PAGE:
Ernest Bai Koroma has no business with NP

As Rumours Debunked….

Contrary to insinuations and postings on Social Media that the former President, Ernest Bai Koroma has shares in the National Petroleum Company (NP), an investigation conducted by this writer renders all the allegations false and far from the truth. It was discovered that the former President does not have and never had any stake in the company.
In a bid to get to the truth of the matter, this writer engaged various stakeholders, staff and retired staff of the National Petroleum Company, who were privy to the negotiations prior to the privatization of the company in 1996. It was disclosed that prior to the privatization of the company, the petroleum companies were importing crude oil, which was being processed at the refinery and sold to consumers. This in effect meant that they had to source funds (Foreign Exchange) to import crude oil. However as the rate of the dollar rose and its apparent unavailability, queues were being seen at various petrol stations across the country as the companies lacked the necessary foreign exchange to import the oil.
It was also disclosed that during that period (from the 80s to the 90s) the companies stopped importing crude oil into Sierra Leone. They then folded up selling their shares to others who showed interest in the business. Shell was bought over by Safecon, Mobil bought over by Exxon and later Total, whilst British Petroleum sold its shares to the Government and other shareholders. 60% of British Petroleum shares was sold to the Government, whilst 40% was sold to the late Jamil Sahid Mohamed and Tony Yazbeck; the owners of Precious Minerals Marketing Company (PMMC).
The World Bank got interested in Sierra Leone and looked into the petroleum product and advised for the setting up of a Petroleum Unit. It also advised the Government to privatize the company.
Staff wrote to the Ministry of Trade on their position on privatization. Their request was rejected and they were told to form a company. In a meeting held with PERDIC (the body empowered to deal with privatization and now called NCP) headed by Alfred Kandeh, members of staff of the company were briefed on the process of privatization and the opportunity they have to become shareholders of the new company. Workers were told they could use their severance packages (End of Service Benefits) from BP and buy the 55% of the shares of the Government and the balance 5% will be given to all workers working at the time. 35 of the 150 workers then opted to use their severance package to buy the 55% whilst the rest enjoyed the remaining 5%. The Leone Oil company was then born.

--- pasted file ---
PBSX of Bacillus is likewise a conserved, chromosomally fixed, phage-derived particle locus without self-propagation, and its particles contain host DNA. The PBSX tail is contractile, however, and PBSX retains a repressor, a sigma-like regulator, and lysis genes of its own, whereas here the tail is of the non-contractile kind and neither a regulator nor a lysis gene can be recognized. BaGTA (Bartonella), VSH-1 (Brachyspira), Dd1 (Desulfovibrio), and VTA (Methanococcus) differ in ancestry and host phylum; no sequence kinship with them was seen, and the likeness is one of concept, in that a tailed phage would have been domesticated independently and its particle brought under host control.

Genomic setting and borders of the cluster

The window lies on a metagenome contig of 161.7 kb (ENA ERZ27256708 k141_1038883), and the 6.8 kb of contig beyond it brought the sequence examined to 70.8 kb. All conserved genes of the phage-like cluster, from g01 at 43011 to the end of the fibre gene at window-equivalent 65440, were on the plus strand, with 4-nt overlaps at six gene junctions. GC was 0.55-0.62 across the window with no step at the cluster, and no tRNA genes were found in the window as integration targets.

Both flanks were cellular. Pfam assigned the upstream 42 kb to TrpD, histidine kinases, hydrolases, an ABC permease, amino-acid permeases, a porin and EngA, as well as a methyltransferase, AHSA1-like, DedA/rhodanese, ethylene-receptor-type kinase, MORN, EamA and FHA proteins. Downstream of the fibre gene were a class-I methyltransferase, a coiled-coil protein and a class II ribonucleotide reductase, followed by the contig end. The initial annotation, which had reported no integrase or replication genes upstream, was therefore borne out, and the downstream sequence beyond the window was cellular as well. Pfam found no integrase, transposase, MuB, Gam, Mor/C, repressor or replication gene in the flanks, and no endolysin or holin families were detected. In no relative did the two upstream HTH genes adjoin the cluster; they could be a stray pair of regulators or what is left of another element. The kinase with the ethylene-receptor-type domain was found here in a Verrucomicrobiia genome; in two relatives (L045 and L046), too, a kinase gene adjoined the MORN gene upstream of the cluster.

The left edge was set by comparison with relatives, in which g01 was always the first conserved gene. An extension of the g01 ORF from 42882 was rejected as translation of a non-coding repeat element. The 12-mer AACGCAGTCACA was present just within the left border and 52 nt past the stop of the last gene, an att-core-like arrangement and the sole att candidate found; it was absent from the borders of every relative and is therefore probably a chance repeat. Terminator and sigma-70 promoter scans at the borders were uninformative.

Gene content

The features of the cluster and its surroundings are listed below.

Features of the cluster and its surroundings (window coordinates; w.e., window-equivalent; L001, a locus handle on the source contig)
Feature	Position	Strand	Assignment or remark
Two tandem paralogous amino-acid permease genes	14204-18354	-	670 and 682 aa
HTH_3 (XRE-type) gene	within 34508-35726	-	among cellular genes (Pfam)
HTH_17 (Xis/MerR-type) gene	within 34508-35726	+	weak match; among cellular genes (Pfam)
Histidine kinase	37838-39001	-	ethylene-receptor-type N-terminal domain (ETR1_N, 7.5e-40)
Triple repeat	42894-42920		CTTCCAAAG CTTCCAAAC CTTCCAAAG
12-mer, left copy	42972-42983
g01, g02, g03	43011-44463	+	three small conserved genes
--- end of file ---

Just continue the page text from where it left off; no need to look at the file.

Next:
Leone Oil and other interested multi-national companies then placed their bids for the importation of refined fuel. In keeping with the local content policy guaranteed in the constitution, the local company, Leone Oil, won the bid, which was supervised by Arthur De Little, a management consulting firm appointed by the World Bank.
According to investigations, 4 companies bidded for the contract and prominent among them were Elf and Leone Oil. Having won the contract, the company was struggling to get foreign exchange to import refined fuel. They then contacted Addax an international supplier, which had the resources and the exposure in respect of forming a joint venture, which was called Petro-Leone. This became a storage company in which Leone Oil had unfettered access, whether foreign exchange is available or not. This arrangement saw the disappearance of queues on the country’s streets.
According to information got during investigation, Addax had an exposure of $60 million, the sort of exposure which no international company will accept (without any advance payment), or any bank in the country can do. It was further revealed that the jetty built in the 1970s and used by tankers supplying crude oil had been neglected after the refinery began to face challenges. In its dilapidated state it could only handle ten thousand metric ton tankers. Because of the bad state of the jetty many ship owners were reluctant to send their ships to off-load refined fuel and this difficulty was addressed in a negotiation with Petro Jetty (a 100% Addax owned company) and the government (Trade Ministry and State House) to build a state-of-the-art jetty that will accommodate 30 thousand metric ton tankers with the understanding that after recovering its investment, it will hand over the jetty to the Government. This agreement was ratified by Parliament and is with the Ministry of Finance.
All stakeholders and workers who bought the shares from the Government confirmed that the former President Ernest Bai Koroma never had a share in NP and that it is an indigenously owned company which is comprised of former workers of BP, who had used their end of service benefits to buy the shares sold to the Government by BP when the World Bank advised the Government to privatize the company.
Postulations that NP has a monopoly over the petroleum market are misleading as there are 4 Marketing Companies registered with the Petroleum Agency, marketing petroleum products in the country namely: NP SL LTD., Total SL LTD., Leonco SL LTD. Petro-Leone is a storage company developed by both Addax and Leone Oil so that petroleum products will always be available in the country and avert shortage. Experts further stated that if such a venture is frustrated the country will return to the former state of shortage of fuel and long queues will once more surface across the country.


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